James F. Smith
Acoust. Div., Naval Res. Lab., Washington, DC 20375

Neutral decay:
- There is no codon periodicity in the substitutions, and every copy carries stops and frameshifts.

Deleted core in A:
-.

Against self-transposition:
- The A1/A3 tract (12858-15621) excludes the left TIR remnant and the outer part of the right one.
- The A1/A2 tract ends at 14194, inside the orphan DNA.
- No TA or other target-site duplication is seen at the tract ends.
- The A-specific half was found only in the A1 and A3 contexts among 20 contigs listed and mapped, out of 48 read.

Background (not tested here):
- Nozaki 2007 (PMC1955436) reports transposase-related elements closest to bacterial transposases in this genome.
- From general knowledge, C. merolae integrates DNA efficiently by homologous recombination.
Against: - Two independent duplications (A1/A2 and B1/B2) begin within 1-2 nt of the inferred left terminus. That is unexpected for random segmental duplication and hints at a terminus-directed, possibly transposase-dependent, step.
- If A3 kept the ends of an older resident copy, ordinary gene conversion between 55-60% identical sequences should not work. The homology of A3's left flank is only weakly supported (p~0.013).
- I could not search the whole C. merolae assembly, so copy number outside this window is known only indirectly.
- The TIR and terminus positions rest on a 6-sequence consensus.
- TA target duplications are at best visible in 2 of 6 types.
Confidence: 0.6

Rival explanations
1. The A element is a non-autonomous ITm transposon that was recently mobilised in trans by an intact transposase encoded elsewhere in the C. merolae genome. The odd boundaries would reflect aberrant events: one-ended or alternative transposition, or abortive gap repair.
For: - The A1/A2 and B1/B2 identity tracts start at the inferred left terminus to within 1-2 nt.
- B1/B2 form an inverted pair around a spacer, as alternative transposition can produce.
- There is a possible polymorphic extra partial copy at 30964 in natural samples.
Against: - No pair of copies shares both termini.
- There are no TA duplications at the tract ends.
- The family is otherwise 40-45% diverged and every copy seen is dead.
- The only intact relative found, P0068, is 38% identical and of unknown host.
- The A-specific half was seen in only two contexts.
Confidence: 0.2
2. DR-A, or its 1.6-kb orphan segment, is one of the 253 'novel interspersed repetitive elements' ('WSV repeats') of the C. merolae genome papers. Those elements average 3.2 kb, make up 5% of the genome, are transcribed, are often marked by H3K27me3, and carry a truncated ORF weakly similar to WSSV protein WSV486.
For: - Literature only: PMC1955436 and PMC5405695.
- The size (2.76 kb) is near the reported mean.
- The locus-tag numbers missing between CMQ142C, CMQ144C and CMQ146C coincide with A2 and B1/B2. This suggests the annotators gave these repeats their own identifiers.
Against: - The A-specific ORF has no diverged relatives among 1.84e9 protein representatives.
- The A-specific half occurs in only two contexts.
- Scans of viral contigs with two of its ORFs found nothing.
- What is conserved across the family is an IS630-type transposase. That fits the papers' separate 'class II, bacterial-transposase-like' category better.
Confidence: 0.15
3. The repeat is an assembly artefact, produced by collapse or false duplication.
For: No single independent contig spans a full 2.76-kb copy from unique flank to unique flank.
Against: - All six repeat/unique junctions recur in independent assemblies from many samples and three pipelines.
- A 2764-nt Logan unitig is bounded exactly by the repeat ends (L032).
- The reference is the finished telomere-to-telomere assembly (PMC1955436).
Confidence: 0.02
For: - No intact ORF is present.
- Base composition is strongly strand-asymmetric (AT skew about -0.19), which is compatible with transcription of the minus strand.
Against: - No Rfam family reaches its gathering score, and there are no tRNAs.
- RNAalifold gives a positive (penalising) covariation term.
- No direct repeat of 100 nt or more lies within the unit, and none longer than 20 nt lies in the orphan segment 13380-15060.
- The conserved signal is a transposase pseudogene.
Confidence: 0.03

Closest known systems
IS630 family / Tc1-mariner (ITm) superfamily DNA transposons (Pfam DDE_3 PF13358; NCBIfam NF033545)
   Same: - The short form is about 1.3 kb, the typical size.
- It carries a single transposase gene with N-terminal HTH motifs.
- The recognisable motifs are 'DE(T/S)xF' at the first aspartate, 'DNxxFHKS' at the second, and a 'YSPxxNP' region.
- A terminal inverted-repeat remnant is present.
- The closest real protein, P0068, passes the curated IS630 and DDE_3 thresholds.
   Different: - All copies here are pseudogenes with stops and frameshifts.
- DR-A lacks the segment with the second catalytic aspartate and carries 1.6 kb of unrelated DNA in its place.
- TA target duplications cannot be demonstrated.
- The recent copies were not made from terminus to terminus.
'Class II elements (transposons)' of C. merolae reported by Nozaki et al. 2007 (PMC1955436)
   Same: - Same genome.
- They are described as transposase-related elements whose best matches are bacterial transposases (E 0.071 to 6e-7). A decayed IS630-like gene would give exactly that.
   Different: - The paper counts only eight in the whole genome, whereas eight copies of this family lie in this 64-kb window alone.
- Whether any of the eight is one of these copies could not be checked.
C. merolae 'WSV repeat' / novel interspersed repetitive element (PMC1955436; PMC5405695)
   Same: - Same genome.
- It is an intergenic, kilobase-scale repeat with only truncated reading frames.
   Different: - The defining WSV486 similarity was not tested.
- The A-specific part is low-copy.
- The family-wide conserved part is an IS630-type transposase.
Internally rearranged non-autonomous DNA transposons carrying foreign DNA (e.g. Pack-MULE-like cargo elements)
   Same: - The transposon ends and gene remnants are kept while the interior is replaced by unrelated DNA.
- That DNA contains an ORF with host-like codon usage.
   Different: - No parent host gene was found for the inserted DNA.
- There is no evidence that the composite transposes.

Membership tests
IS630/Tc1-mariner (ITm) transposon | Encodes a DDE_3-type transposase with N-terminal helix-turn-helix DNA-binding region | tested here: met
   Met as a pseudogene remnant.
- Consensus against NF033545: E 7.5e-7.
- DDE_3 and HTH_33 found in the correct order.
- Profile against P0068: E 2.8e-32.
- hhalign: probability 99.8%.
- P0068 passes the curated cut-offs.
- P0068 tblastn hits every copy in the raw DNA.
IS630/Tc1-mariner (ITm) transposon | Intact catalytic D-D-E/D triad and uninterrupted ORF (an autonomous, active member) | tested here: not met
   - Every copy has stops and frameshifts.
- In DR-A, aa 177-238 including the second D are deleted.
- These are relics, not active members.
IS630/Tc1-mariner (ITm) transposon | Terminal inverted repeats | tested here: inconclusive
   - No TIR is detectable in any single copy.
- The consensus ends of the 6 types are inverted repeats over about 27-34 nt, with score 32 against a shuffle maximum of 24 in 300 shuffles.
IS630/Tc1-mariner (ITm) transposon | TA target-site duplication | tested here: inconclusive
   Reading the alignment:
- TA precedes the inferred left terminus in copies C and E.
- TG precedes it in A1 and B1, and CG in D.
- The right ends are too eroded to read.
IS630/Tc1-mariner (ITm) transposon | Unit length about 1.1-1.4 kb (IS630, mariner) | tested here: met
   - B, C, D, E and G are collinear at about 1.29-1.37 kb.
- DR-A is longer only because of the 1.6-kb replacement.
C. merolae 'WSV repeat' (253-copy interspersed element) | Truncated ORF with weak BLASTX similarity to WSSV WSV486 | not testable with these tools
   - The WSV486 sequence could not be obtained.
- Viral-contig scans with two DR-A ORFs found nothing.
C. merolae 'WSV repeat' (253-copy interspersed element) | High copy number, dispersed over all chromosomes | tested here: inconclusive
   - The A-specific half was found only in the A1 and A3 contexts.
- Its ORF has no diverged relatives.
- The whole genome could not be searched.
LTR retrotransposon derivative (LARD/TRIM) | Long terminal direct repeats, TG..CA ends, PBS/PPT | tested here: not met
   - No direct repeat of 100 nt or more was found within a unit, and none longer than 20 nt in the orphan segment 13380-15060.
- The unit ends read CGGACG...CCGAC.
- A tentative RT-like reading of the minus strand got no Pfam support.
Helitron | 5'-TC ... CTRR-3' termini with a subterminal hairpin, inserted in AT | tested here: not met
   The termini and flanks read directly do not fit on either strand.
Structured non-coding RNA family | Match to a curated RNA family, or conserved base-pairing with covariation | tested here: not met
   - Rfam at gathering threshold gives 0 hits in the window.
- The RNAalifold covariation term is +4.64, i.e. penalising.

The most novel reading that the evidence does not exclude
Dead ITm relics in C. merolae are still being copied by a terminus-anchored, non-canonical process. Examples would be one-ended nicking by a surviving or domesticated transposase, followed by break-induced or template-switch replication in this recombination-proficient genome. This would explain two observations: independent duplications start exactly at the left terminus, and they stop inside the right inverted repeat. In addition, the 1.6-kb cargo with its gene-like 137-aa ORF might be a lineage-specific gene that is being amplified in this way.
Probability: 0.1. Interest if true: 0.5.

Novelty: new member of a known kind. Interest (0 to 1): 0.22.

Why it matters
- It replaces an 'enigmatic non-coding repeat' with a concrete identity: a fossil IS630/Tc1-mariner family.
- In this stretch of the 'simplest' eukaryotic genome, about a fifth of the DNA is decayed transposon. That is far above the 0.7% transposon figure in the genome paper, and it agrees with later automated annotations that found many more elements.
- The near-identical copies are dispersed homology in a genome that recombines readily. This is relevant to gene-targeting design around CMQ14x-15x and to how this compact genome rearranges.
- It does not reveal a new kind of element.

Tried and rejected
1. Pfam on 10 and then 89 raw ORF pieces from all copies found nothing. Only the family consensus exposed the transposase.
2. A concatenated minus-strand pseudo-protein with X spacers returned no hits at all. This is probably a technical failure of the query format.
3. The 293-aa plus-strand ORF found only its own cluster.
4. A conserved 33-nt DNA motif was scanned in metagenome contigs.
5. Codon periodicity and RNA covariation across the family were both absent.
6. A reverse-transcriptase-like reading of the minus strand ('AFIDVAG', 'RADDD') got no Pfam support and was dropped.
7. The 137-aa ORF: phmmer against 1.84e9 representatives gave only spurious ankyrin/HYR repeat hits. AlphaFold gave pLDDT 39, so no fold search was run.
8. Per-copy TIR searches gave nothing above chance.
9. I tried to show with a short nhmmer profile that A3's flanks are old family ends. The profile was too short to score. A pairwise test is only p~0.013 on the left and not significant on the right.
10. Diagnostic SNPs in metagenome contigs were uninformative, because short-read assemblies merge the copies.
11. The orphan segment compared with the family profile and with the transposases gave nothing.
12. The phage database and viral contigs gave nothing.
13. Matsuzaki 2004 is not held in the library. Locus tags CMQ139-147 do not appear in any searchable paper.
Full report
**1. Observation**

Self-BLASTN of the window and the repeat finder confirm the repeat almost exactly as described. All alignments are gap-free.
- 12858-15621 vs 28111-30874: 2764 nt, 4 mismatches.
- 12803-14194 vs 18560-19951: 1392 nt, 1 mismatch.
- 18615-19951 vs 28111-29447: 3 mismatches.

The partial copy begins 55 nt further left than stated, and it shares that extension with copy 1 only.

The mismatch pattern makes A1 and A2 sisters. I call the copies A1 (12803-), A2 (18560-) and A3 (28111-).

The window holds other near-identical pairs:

Simulations of the potential of matched-field tomography for inverting ocean sound-speed structure (Tolstoy and Diachok, 1991) have to date neglected effects of bottom interacting modes. A study to determine the effect of experimentally obtained bathymetry in the thinly sedimented Pacific on matched-field processing has been conducted. The range- and depth-dependent sound speed in the water column was obtained from tomography data. The acoustic field used as synthetic data ``measured'' at the array was calculated by the parabolic equation program FEPE (Collins, 1991). The program was shown to be highly accurate (0.15 dB at 1000 km at 15 Hz) in matched-field studies against ``exact'' results produced by the normal modes program KRAKEN (Porter, 1991) in a range-independent environment. The effects of irregular bathymetry and shifts in bottom sound speeds were studied through simulations conducted at a frequency of 14 Hz at various ranges and bottom sound speeds. The results showed an increase in signal array degradation and reduced source localization. Effects of interaction with far and near sides of seamounts (relative to array position), and the overall trend of signal loss with range due to multiple interactions with the bottom will be discussed.